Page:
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The Politically Incorrect Guide to the Middle East (Politically Incorrect Guides) Paperback – January 28, 2008

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Product Details

  • Series: Politically Incorrect Guides
  • Paperback: 230 pages
  • Publisher: Regnery Publishing (January 28, 2008)
  • Language: English
  • ISBN-10: 1596980516
  • ISBN-13: 978-1596980518
  • Product Dimensions: 9 x 7.3 x 0.6 inches
  • Shipping Weight: 11.2 ounces (View shipping rates and policies)
  • Average Customer Review: 3.7 out of 5 stars  See all reviews (42 customer reviews)
  • Amazon Best Sellers Rank: #524,586 in Books (See Top 100 in Books)

Editorial Reviews

From the Inside Flap

Why most of what you think you know about the Middle East is wrong

The Middle East: a region that's almost never off the front pages, yet one most Americans know little about. The mainstream media and Ivy League academics only make matters worse by casting everything in the usual politically correct mold: Arab terrorists are just desperate freedom fighters, and the region's one free democracy--Israel--is the oppressor, not least because of its alliance with America. And if Islamic extremism is a problem, the establishment tells us, it's only because it's rooted in that source of all evils: religion. A different strain of political correctness has seeped into some minds on the right--most notably the Bush administration, which, so ready to buy into the egalitarian myths we are all taught, believed that Western-style democracy could flourish anywhere. Now, in The Politically Incorrect Guide(tm) to the Middle East, veteran Middle East correspondent Martin Sieff puts the lie to all these myths and clichés, giving you everything you need to know about the region to understand its past, its present, and its possible future. In The Politically Incorrect Guide(tm) to the Middle East, you'll learn:

* How, for three decades, the British supported parliamentary democracy throughout the Middle East, but it didn't work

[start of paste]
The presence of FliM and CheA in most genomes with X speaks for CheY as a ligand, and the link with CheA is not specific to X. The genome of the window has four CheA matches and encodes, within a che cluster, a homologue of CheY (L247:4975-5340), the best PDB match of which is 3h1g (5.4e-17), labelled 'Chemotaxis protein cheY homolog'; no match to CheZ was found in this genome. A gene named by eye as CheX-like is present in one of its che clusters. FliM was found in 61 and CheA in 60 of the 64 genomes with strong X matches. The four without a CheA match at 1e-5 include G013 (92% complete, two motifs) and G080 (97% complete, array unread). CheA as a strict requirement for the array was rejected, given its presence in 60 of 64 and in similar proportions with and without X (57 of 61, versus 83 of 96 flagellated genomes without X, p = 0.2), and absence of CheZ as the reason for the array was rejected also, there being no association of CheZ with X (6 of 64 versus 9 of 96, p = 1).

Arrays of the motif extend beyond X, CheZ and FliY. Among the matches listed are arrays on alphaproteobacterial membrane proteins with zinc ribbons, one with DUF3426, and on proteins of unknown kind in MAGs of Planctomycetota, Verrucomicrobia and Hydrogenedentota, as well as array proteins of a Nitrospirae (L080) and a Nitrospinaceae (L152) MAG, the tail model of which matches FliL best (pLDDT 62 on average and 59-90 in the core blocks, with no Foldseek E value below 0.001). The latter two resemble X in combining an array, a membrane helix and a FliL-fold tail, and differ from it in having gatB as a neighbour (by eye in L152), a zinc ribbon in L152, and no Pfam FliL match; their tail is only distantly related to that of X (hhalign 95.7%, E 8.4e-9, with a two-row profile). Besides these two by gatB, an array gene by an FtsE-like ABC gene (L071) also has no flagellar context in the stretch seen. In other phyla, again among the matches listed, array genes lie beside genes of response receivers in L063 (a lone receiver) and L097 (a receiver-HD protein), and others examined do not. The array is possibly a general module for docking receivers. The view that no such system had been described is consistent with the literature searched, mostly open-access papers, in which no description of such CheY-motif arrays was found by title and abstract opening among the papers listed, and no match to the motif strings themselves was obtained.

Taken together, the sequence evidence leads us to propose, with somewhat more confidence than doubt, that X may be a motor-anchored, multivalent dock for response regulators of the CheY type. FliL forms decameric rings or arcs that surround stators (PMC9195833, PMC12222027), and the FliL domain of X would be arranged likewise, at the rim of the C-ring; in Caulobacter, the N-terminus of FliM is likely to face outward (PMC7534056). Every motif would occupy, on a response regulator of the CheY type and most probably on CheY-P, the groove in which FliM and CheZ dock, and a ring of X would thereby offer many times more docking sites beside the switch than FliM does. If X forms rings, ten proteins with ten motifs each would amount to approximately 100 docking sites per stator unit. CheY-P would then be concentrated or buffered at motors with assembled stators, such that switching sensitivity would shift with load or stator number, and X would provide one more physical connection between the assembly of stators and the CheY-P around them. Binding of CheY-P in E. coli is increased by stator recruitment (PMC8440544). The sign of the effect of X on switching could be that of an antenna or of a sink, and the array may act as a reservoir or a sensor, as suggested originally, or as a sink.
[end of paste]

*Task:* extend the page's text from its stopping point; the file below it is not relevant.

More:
* Why Britain's post-World War I Middle East policy was a comedy of errors and incompetence that soon escalated into tragedy
* Where America went wrong in Iraq: how U.S. policymakers vastly underestimated the intransigent, unsophisticated, and anti-Western nature of its competing communities
* How Saudi Arabia's security forces defeated al Qaeda--and why you never heard about it
* Why we'll miss the Arab dictators when they're gone
* How the Muslim nations of the Middle East took an irrevocable turn toward radical Islam not in the tenth century or after the fall of Baghdad to the Mongols in the thirteenth century--but in 1979
* How the Arab states openly declared their determination to prevent a Jewish state from being born in 1947--twenty years before the West Bank and Gaza were first occupied

The Politically Incorrect Guide(tm) to the Middle East is a bold first step toward facing the hard truths necessary for peace.

From the Back Cover

The Harsh Truth about the World's Roughest Neighborhood

Combine religion, race, the Cold War, America's enemies, and a history of colonialism, and you've got a breeding ground for the most virulent strains of politically correct mythology, distortions, and cover-ups. Welcome to the Middle East. In the Middle East, the cost of PC distortions can be measured in the lives of American soldiers, Iraqi civilians, Iranian dissidents, and Israeli Jews. Faith in the magic of democracy, a blind eye to the truth about Islam, and a fruitless search for terrorism's "root causes"--all of these PC delusions weaken America and draw out the violence there. The Politically Incorrect Guide(tm) to the Middle East is not an academic exercise; it is crucial reading for understanding the most important conflicts of our time.